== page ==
The Telegraph
Since 1st March, 1999
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Vital nuke parts for Libya missing

Zurich, April 22: Critical components and specialised tools destined for Libya's nuclear weapons programme disappeared before arrival in 2003 and international investigators now suspect that they were diverted to another country, according to court records and investigators.

Efforts to find the missing equipment have led to dead ends, raising what investigators said was the strong likelihood that the sophisticated material was sold to an unidentified customer by members of the international smuggling ring that had been supplying nuclear technology and weapons designs to Libya.

The equipment ' components for advanced centrifuges, along with material and precision tools to manufacture more of them ' does not constitute an immediate threat, but nuclear experts said it would cut years off an effort to enrich uranium for an atomic bomb.

The mystery of the missing high-tech equipment illustrates both the extensive knowledge investigators have gained about the smuggling operation and the troubling gaps that remain. It also raises the question of whether a rogue nation or group might be secretly building a nuclear weapon.

Two senior international investigators said that the illicit technology had been shipped to Turkey, Malaysia and Dubai, United Arab Emirates, before it disappeared and that it remained unaccounted for.

The equipment was initially meant for a $100-million, clandestine uranium enrichment plant and bomb factory being built for Libya by Pakistani scientist Abdul Qadeer Khan and a network of middlemen on three continents.

The seizure by the US and Britain of a separate shipment of nuclear-related components from a freighter headed for Libya in October 2003 crippled the network and led to Khan's admission that he had been selling know-how and technology to Iran, North Korea and Libya.

Since then, the biggest concerns for international inspectors and intelligence agencies examining Khan's operation have been whether an unidentified customer is also pursuing a nuclear weapon or whether Iran might have received the missing technology and, potentially, designs for an atomic weapon.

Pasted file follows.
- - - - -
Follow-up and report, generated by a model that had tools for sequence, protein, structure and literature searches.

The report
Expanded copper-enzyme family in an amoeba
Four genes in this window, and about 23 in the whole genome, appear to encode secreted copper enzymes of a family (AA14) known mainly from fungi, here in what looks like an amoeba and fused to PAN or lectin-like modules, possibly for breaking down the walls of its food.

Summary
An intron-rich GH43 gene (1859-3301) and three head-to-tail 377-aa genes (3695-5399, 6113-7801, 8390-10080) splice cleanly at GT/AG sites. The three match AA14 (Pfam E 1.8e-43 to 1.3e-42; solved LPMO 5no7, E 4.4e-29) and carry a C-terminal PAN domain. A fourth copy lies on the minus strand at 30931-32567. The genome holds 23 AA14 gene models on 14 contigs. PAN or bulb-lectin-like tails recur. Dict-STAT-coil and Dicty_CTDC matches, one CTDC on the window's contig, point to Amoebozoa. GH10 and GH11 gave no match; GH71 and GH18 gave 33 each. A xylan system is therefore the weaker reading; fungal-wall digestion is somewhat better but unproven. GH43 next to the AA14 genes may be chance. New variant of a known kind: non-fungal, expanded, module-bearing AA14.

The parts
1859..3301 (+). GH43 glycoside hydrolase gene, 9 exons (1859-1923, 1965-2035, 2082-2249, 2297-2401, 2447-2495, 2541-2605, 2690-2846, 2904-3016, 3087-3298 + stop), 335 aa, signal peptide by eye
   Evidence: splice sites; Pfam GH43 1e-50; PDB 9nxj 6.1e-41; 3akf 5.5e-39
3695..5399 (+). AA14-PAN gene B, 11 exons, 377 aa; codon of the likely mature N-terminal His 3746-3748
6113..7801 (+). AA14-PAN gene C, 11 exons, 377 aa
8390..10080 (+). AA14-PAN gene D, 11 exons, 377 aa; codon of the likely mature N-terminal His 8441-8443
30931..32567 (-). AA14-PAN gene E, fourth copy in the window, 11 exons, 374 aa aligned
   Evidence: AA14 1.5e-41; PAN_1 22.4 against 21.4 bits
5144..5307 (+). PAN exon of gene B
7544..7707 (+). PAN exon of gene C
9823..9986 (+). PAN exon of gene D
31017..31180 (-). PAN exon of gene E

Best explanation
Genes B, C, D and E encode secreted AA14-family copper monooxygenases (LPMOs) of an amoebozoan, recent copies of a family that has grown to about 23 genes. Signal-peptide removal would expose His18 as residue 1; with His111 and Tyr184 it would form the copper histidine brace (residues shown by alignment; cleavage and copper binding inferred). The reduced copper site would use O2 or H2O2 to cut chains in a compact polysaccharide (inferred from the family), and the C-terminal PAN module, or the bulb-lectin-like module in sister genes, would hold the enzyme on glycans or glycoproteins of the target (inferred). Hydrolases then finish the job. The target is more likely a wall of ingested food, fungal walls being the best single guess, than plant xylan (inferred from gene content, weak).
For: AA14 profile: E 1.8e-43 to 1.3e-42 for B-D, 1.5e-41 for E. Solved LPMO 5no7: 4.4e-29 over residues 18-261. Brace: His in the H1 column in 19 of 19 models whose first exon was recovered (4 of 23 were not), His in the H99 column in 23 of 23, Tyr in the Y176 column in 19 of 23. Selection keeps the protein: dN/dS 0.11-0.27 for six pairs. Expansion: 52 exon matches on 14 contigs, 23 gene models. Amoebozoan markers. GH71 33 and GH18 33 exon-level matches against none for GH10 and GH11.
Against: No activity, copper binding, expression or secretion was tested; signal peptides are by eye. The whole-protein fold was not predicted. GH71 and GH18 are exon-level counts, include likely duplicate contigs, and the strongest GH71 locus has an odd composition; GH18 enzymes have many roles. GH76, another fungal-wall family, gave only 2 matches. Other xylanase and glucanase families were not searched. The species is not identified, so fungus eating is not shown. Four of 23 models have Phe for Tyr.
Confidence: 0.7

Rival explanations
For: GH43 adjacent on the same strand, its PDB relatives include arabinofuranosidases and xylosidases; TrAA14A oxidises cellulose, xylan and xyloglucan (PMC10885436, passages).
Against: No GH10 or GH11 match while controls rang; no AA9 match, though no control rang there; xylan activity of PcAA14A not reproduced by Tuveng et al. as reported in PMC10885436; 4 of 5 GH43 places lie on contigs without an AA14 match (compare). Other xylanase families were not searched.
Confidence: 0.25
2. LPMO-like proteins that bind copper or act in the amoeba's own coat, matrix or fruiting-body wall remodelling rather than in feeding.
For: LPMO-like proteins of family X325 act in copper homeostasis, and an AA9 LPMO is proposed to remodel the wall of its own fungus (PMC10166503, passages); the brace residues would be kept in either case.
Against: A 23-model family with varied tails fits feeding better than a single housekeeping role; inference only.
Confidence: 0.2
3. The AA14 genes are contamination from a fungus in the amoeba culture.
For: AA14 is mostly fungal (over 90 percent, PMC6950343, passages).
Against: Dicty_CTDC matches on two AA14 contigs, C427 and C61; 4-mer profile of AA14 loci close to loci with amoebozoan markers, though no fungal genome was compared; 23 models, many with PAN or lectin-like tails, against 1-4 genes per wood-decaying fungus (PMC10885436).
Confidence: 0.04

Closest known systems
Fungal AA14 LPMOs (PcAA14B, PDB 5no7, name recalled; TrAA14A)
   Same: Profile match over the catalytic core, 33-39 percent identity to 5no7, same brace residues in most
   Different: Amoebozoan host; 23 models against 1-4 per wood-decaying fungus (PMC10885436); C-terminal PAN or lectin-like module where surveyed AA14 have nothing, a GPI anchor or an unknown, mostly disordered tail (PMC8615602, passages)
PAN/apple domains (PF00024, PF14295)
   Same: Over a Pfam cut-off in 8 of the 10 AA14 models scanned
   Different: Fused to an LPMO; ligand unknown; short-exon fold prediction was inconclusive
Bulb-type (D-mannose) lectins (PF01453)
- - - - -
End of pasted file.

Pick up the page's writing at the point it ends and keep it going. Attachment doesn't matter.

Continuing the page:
Investigators said business records and interviews with some participants in the ring suggested the existence of a customer other than Libya. They said the vanished equipment, though not proof, constituted the strongest clue yet.

The list of potential clients for a nuclear weapons programme is not long, but it extends to countries in West Asia, Africa and Southeast Asia. Khan travelled extensively and had contacts worldwide. Investigators have identified at least 30 companies and middlemen who sold goods to his network.

'For sure there were other customers,' said one of the senior investigators, who spoke on condition that his name be withheld because the inquiry is ongoing. 'We just don't know who and we don't know how far along they might be.'

US and Israeli government officials have publicly accused Tehran of operating a nuclear weapons programme, and intelligence officials from both countries have suggested that Iran might have hidden installations.

A non-western intelligence official said it was possible that the missing centrifuge components and other material was sold secretly to Iran by someone in the Khan network as the operation started to unravel after the seizure of the shipment in 2003.

Iran insists that its nuclear programme is intended only to generate electricity and that it has opened all of its atomic-related installations to inspectors from the International Atomic Energy Agency (IAEA).

It has been inspecting Iranian installations for nearly two years and says it has uncovered no proof that Iran is working on weapons.

But concerns remain. Last month, the agency's deputy director complained publicly that Tehran had not turned over all information related to a 1987 meeting in which Khan's associates offered to sell weapons designs to Iran.

The complexity of enriching uranium makes it likely that an unknown customer would be a country rather than a terrorist group.

The first confirmation that sensitive technology had disappeared was in court records filed this year by German prosecutors trying to extradite Gotthard Lerch, a German engineer who lives outside Zurich. Lerch was not charged in connection with the missing equipment, but German prosecutors accused him of helping Libya obtain restricted technology for uranium enrichment.

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